The site also features a parking advisor, which allows users to input how many days they’ll be away and then see all the parking options available, including prices – from the Value Park garage (which rivals Park ’N Fly in price) to valet.
Toronto Pearson has also been reaching out to drivers through a partnership with WestJet, which prompts consumers purchasing a ticket from its website to buy airport parking at the same time. A similar program is being negotiated with Air Canada.
Since some of the big changes headed to Pearson are not yet in place, Juniper Park also created a campaign to highlight things the airport already offers that guests may not have noticed. Dubbed “Make the invisible visible,” the campaign calls out amenities like the free Wi-Fi that launched last summer (“Read something more interesting than this poster”) and guest services offerings (“Directions, travel info, a knock-knock joke. Anything”).
Juniper Park also led the creation of “vote boxes” – physical installations in the airport, mirrored by an online version, that let guests vote on what they’d like to see introduced, such as free parking on Fridays, children’s play areas or a McDonald’s. The goal is to make customers’ desires come true by the end of the year.
Griffith-Jones says the GTAA’s rebranding efforts have focused largely on passengers, since “where we have the most work to do is on the guest side.” But the company is also gearing up to show off its new identity in Berlin this fall, at the World Route Development Forum – a trade show that brings together airlines and airports from around the world.
“The first year I went [to the conference], soon after I started, we had this pathetic little booth and we just weren’t telling the story of Toronto or of Pearson,” she says. “We have the opportunity this year with the launch of our new brand to tell the story in a more dominant way.”
Since attracting connections to Toronto is a key part of the strategy, Toronto Pearson will be the sole sponsor of the conference’s connectivity package, which includes Wi-Fi and internet kiosks. And since attracting new airlines to Toronto Pearson is about selling the region as much as selling the airport, GTAA is partnering with Tourism Toronto to have its representatives at the booth.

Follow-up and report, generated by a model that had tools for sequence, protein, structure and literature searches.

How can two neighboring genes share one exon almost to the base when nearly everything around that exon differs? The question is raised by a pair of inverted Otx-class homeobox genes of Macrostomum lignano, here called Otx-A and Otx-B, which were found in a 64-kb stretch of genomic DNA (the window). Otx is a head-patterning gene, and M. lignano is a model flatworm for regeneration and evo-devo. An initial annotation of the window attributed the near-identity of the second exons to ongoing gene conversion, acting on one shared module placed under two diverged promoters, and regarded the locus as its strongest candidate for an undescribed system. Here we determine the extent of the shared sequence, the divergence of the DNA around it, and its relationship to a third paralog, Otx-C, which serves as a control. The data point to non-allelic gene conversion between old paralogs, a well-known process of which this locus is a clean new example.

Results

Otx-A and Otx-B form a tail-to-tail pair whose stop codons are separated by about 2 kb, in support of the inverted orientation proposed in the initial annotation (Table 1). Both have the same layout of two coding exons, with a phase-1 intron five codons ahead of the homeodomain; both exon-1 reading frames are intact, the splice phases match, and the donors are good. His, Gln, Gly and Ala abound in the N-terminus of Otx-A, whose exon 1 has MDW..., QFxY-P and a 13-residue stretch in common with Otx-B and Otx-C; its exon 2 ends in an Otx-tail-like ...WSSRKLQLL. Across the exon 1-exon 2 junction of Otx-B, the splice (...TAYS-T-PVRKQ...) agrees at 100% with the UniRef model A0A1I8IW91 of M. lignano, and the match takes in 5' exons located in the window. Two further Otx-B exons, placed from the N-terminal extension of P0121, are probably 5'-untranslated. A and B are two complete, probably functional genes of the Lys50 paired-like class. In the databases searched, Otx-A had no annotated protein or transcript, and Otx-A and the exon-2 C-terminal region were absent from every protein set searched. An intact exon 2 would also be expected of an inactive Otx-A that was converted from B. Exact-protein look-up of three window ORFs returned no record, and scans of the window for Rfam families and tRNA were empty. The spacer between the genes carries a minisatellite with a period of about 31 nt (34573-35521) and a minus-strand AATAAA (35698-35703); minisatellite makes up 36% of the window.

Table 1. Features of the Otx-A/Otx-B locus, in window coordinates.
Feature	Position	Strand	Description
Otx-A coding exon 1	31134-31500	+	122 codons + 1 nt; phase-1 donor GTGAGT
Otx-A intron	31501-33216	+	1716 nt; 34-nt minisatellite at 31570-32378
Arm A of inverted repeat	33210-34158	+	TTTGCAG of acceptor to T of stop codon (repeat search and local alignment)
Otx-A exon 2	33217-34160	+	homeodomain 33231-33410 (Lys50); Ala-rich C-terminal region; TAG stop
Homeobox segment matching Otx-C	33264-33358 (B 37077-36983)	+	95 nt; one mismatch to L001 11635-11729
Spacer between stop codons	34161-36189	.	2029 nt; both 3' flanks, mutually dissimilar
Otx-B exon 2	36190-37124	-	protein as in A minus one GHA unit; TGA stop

The city’s multicultural mix is an important selling point when reaching out to airlines around the world. “Because of the depth of our population here, an airline can really tap into the Korean, Ethiopian or Egyptian market,” Griffith-Jones says.
Back here at home, new initiatives will continue to roll out at Toronto Pearson throughout the year, with marketing efforts focused largely on campus, rather than on external media.
“We are Canada’s largest out of home advertising venue,” Griffith-Jones points out. “We’re seen as a very desirable venue [for other brands] to communicate to all these customers, so we thought, let’s take advantage of that ourselves.”
Which is, after all, the point of the exercise – packaging the benefits of Pearson that are often overlooked as the arduous nature of air travel eclipses the adventure.

 

Bio
Born: Guelph, ON., July 26, 1965
Education: Griffith-Jones received both an Honours Business Administration (HBA) and MBA from the Richard Ivey School of Business, University of Western Ontario.
Career: She kicked off her career in corporate finance consulting with Coopers and Lybrand in London, England, then came back to Canada in the Coopers and Lybrand Strategy Toronto office. In 1993, she joined the strategy group at Canadian Tire, ultimately becoming VP of the leisure division. Next, she joined Sears as CMO, then moved on to become the interim CEO of Obus Forme. She joined the GTAA as chief marketing and commercial officer in April 2009, overseeing not only marketing but also all airport business, from commercial relationships with airlines to revenue generated via parking and retail.
Size of team: She oversees a marketing team of seven and an overall team of about 40, which includes air service development.